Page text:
Rust and guns


July 12, 2009, 11:36 PM
I just realized tonite that I have a gun old well used beat up guns that don't rust. One is an old h&r single shot 12 ga. and the other is a remington 550-I that never have been oiled that I know of in at least 30 years.

These guns were used VERY often about 20 years ago. Why do I have newer guns that rust just because and these two just stay the same. I really don't know the age of the guns I mentioned but they had been well used when I first saw them 25 years ago. Their my grandfathers guns.

I actually oiled the 12 ga. tonite for the first time that I can remember just because I felt guilty. I couldn't find a speck of rust was steel made better 60 or so years ago?

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July 12, 2009, 11:45 PM
probably just good workmanship

i noticed that my marlin xl7 doesnt rust but the bolt handle does i think that the bolt handle is made of cheaper steel so it may be replaced i dont like the checkered ball anyway

i know oils from the hand also but even after cleaning and scrubbing the handle if i use the same amount of oil i use to wipe down the barrel and action it will still rust

Boba Fett
July 12, 2009, 11:53 PM
was steel made better 60 or so years ago?

I think rust has gotten smarter. :D

Seriously though, I would say that metallurgy has gotten better compared to 60 years ago.

There are really a number of factors that could contribute to rust or rust prevention on your firearms:
1) type of ammo
2) how often you clean
3) how they are stored
4) what sort of cleaning products you use
5) climate
6) how often and in what conditions you use them
7) physical damage to the firearm that creates a place where rust is more likely to happen
8) manufacturer (could be a bad manufacturer, poorer grade materials, quality of labor and machinery, etc.)

and so on and so on.

What firearms do you have that are rusting and how do you use them? Might give us some insight as to a cause.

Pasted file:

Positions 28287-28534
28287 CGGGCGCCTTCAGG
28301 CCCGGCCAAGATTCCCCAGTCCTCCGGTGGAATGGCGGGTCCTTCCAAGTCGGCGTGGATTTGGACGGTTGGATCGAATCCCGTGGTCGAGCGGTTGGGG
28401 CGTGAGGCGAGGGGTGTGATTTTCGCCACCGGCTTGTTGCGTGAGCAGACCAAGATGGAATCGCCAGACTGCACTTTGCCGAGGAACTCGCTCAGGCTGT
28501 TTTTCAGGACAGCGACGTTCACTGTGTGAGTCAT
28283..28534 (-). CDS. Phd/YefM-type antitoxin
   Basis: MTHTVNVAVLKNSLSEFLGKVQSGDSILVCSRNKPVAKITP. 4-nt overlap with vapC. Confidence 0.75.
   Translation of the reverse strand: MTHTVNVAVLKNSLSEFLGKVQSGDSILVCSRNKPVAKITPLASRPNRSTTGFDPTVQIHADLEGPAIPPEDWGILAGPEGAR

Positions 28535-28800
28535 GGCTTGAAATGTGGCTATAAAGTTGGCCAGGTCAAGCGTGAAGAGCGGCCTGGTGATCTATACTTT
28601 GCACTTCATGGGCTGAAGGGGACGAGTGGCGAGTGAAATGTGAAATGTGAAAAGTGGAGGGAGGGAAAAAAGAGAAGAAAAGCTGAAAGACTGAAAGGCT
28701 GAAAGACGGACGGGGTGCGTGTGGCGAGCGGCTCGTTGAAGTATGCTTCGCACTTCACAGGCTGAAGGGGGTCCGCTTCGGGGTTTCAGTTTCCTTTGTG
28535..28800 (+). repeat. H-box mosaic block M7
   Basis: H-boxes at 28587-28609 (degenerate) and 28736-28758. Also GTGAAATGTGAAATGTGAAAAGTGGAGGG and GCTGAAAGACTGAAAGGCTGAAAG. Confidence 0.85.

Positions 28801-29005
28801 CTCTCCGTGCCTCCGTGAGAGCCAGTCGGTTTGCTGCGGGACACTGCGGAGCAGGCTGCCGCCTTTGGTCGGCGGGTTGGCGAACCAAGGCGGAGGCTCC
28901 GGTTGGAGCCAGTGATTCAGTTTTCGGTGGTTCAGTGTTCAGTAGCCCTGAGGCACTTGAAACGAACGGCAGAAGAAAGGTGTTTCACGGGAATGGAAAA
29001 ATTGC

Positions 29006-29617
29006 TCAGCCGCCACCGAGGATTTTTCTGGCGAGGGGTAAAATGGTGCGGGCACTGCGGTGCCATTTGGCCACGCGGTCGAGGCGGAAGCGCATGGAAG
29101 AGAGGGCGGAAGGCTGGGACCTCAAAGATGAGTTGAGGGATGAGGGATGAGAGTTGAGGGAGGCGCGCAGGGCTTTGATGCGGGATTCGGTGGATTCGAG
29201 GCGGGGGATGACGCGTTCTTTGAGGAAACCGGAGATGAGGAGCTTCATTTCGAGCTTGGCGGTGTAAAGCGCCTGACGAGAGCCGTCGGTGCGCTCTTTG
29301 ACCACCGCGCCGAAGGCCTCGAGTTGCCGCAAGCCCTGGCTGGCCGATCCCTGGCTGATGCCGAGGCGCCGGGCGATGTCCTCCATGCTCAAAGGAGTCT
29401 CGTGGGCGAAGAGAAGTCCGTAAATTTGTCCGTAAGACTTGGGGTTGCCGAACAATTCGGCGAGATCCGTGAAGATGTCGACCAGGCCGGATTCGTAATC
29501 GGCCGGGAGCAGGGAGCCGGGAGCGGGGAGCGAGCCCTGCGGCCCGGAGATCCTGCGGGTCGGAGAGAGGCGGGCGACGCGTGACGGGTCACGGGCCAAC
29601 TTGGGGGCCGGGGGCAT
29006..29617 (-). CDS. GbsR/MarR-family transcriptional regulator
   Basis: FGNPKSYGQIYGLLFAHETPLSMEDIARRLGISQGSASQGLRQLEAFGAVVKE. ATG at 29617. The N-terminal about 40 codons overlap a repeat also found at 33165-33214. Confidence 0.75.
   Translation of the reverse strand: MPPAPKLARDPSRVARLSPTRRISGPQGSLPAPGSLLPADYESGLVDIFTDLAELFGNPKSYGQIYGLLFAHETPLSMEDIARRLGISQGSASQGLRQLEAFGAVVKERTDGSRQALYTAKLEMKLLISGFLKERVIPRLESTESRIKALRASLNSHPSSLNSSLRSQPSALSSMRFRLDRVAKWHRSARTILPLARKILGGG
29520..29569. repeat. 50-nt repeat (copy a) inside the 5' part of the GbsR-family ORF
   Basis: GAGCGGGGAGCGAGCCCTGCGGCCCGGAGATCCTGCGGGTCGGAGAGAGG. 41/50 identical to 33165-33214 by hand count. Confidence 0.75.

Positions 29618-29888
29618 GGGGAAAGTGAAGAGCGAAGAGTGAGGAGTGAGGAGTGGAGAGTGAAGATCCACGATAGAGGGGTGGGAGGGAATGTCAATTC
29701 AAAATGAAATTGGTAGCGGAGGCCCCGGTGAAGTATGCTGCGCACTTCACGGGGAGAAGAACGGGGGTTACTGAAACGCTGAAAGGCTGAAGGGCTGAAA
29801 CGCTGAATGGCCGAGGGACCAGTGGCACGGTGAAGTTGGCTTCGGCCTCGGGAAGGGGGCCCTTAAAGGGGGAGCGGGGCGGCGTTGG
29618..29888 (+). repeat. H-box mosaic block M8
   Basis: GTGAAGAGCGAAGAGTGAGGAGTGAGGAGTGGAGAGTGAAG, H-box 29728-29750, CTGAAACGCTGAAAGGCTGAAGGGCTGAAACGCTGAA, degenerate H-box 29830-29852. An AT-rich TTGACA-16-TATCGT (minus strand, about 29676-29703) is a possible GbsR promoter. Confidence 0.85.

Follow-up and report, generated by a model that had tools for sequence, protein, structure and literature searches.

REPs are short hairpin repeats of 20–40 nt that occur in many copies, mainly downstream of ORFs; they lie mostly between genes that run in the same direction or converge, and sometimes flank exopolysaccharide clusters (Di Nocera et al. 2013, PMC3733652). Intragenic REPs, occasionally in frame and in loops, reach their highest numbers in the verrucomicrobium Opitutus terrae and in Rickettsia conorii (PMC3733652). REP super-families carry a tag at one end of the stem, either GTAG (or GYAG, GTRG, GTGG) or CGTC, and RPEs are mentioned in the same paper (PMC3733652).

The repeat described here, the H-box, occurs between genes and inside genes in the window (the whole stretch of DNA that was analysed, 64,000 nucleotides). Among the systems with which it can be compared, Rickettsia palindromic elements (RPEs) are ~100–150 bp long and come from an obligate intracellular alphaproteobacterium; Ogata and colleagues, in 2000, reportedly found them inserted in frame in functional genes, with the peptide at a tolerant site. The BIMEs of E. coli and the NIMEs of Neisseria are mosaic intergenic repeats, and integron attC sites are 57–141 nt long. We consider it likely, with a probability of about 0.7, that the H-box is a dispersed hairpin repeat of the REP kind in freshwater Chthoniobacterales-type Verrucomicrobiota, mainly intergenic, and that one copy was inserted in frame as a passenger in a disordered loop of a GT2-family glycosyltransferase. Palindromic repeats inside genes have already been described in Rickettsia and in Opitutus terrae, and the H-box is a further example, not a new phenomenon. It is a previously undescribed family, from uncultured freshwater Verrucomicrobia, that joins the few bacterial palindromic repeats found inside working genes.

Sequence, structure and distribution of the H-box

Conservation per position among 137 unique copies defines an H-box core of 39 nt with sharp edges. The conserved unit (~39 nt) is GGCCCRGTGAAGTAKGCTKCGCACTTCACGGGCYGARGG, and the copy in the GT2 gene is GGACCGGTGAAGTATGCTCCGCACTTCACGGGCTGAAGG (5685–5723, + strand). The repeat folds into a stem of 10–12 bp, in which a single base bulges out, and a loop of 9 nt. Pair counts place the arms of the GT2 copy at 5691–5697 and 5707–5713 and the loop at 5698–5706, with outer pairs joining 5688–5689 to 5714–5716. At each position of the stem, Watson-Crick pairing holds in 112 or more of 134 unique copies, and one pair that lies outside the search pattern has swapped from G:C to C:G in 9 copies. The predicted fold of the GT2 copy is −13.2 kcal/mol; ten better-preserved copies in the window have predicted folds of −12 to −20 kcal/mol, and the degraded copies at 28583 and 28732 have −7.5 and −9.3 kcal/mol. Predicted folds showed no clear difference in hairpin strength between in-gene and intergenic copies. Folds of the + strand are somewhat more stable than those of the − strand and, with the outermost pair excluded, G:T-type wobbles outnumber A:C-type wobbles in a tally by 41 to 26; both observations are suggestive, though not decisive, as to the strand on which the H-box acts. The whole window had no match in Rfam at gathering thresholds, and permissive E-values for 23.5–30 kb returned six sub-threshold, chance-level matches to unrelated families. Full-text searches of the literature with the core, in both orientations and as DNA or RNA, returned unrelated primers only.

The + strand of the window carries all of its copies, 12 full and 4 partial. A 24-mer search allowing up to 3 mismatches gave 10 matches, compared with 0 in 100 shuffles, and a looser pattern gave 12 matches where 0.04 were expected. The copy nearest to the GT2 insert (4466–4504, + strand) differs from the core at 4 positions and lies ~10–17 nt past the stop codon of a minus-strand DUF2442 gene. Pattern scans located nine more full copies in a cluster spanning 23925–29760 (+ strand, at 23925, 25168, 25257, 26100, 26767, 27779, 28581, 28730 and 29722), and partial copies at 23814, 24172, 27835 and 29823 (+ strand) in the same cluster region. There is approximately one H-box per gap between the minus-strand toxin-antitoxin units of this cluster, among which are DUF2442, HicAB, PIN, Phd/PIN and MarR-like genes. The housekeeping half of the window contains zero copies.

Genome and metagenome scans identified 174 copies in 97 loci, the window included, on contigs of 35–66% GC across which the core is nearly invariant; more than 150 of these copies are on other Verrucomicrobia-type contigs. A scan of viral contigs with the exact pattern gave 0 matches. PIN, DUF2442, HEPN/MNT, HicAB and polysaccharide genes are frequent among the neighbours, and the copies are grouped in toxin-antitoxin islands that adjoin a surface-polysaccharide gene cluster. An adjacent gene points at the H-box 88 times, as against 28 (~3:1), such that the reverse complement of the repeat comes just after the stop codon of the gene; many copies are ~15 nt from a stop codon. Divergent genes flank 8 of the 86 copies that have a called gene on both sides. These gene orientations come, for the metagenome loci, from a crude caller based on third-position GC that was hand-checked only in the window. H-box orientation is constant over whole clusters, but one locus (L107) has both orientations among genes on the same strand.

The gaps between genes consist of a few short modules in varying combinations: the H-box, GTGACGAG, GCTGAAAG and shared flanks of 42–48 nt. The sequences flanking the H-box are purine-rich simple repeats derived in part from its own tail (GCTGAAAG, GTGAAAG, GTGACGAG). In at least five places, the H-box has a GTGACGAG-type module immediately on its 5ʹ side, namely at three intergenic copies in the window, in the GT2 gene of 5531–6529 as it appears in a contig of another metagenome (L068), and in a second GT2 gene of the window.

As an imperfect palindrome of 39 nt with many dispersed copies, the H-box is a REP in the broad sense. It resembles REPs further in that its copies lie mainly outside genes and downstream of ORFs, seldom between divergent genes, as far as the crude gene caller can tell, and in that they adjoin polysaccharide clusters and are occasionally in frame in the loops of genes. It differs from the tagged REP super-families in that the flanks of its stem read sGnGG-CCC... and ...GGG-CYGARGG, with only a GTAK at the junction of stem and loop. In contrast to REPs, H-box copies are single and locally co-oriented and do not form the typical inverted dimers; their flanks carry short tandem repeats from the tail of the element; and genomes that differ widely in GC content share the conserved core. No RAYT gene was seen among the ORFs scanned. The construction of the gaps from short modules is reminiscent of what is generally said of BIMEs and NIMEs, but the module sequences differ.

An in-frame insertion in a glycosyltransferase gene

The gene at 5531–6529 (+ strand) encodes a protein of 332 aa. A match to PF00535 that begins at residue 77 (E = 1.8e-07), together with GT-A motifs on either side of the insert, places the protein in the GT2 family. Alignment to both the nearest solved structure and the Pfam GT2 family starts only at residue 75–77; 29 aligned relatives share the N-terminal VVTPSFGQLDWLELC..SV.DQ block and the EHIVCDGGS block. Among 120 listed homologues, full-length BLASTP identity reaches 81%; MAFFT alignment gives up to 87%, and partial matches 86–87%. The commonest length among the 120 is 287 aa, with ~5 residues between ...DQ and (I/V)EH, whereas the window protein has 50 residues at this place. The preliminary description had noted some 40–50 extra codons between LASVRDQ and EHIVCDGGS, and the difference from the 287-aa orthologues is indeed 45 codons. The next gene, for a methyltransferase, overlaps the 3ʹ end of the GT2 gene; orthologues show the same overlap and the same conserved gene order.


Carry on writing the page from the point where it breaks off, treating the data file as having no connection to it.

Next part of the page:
July 13, 2009, 12:33 AM
Lets put it this way the h&r and the remington .22 had a very hard life with zero attention and I have mossberg 500's and 870's and also a marlin 60 that just get more attention and haven't been used near as hard and they just don't repel rust

July 13, 2009, 01:29 AM
I think metalurgy has gotten better, but in the old days craftsmen did more hands on finishing. They would polish the metal to almost perfection before applying a hot bluing to the finish. The more polished the metal is, the less rust that will be able to infiltrate the pores of the metal. This is also how Colt and Smith got those beautiful blues.

Today, less time is spent finishing a firearm and the polishing is not that great. This is why your finishes are mostly flat in appearance. I don't think the hands on finishing even exists anymore, except in custom guns. and then it is not on par with craftsmen of the past. Machines do everything now. At least that is my thoughts on it.

July 13, 2009, 05:57 AM
but in the old days craftsmen did more hands on finishing.

Amen. I have pre-WWI S&Ws with hand finishing you can't imagine. Nearly a century of abuse and neglect and they still have 80% of their original finish and a metal condition about equal to, say, a 25 year old Winchester 94, or a 15 year old Norinco 1911a1 (both of those being examples of low-quality metal finish and bluing on average).

Over the last 100 years, the difference in durability is in the craftsmanship, not the metallurgy or blue compound.

July 13, 2009, 08:31 AM